American Confidence in Food Safety Sinks

New study reveals just how low consumer trust has fallen.
(Photo: Ann Cutting/Getty Images)
Nov 2, 2011
Megan Bedard is a sucker for sustainable agriculture and a good farmers market, she likes writing about food almost as much as eating it.

In the wake of a disasterous run of foodborne illnesses, American trust in our food supply has dropped four percent, according to a new study by the Center for Food Integrity and Iowa State University. The last reported incidence of faltering consumer confidence occurred in 2008, when an undercover video depicting animal abuse at a meatpacking plant in California upset the public and prompted the largest meat recall to date, reports Food Safety News.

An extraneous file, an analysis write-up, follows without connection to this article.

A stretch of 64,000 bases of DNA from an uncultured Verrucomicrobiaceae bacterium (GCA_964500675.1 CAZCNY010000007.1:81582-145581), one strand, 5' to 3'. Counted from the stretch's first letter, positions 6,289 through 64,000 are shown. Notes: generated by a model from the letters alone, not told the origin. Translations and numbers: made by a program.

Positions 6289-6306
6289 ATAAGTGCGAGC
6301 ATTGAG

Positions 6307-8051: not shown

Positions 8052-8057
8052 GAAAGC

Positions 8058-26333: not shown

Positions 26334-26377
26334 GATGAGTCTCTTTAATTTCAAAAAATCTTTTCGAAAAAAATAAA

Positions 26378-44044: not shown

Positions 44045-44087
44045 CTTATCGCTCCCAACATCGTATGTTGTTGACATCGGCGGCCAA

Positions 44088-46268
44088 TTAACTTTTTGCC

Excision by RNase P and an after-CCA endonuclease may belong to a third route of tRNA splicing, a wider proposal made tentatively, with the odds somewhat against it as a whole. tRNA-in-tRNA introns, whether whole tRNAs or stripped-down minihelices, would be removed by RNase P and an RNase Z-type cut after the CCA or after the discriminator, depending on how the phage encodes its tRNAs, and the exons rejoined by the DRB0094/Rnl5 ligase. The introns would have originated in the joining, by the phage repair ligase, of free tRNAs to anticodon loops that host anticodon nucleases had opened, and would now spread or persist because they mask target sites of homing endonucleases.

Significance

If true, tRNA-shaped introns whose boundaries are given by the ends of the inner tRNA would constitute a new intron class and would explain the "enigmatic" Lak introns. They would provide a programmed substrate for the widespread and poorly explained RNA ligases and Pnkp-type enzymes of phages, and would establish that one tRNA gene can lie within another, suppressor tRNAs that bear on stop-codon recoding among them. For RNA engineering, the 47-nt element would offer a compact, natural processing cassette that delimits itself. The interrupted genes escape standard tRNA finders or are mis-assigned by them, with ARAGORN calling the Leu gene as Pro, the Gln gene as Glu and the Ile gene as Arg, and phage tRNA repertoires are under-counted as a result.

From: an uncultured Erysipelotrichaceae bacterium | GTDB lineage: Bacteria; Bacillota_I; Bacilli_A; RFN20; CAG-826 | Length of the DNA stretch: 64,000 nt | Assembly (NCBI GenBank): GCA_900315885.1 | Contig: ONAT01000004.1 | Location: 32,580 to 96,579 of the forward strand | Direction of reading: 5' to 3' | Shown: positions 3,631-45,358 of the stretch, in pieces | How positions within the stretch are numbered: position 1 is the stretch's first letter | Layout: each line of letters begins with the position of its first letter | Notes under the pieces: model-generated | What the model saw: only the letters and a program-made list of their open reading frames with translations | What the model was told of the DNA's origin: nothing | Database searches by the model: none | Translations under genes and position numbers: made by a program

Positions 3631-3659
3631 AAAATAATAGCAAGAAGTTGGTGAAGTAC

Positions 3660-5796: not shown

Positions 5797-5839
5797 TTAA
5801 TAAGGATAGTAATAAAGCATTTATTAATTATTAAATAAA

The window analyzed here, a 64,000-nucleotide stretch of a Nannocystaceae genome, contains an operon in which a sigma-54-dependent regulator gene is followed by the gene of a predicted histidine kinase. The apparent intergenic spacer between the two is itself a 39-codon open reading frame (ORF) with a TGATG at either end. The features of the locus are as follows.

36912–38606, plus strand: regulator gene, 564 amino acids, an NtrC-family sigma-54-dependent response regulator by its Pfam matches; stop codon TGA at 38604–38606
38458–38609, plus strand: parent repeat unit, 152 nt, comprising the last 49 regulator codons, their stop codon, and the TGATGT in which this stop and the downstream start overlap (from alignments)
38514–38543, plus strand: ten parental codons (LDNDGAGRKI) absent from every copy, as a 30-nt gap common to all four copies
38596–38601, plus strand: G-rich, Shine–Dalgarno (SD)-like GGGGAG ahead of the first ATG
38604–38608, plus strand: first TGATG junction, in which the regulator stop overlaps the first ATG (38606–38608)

According to the study, conducted by the Center for Food Integrity and Iowa State University, only 35 percent of Americans expressed strong agreement with the statement "I am confident in the safety of the food I eat" in 2011. That's a drop of four percent from the response to the same statement in 2010. (A similar drop was demonstrated in response to the statement: "I have access to all of the information I want about where my food comes from, how it is produced and its safety.")

Shaky consumer confidence isn't surprising when you consider the year in food news: More than 130,000 pounds of beef were recalled because of an E. coli scare in September, and shortly therafter, the Centers for Disease Control called the deadly listeria outbreak from Colorado-raised canteloupe the worst foodborne illness outbreak in a decade.

With confidence sinking again, "this should be of concern for the food system," CFI stated in its report. But will anyone act?

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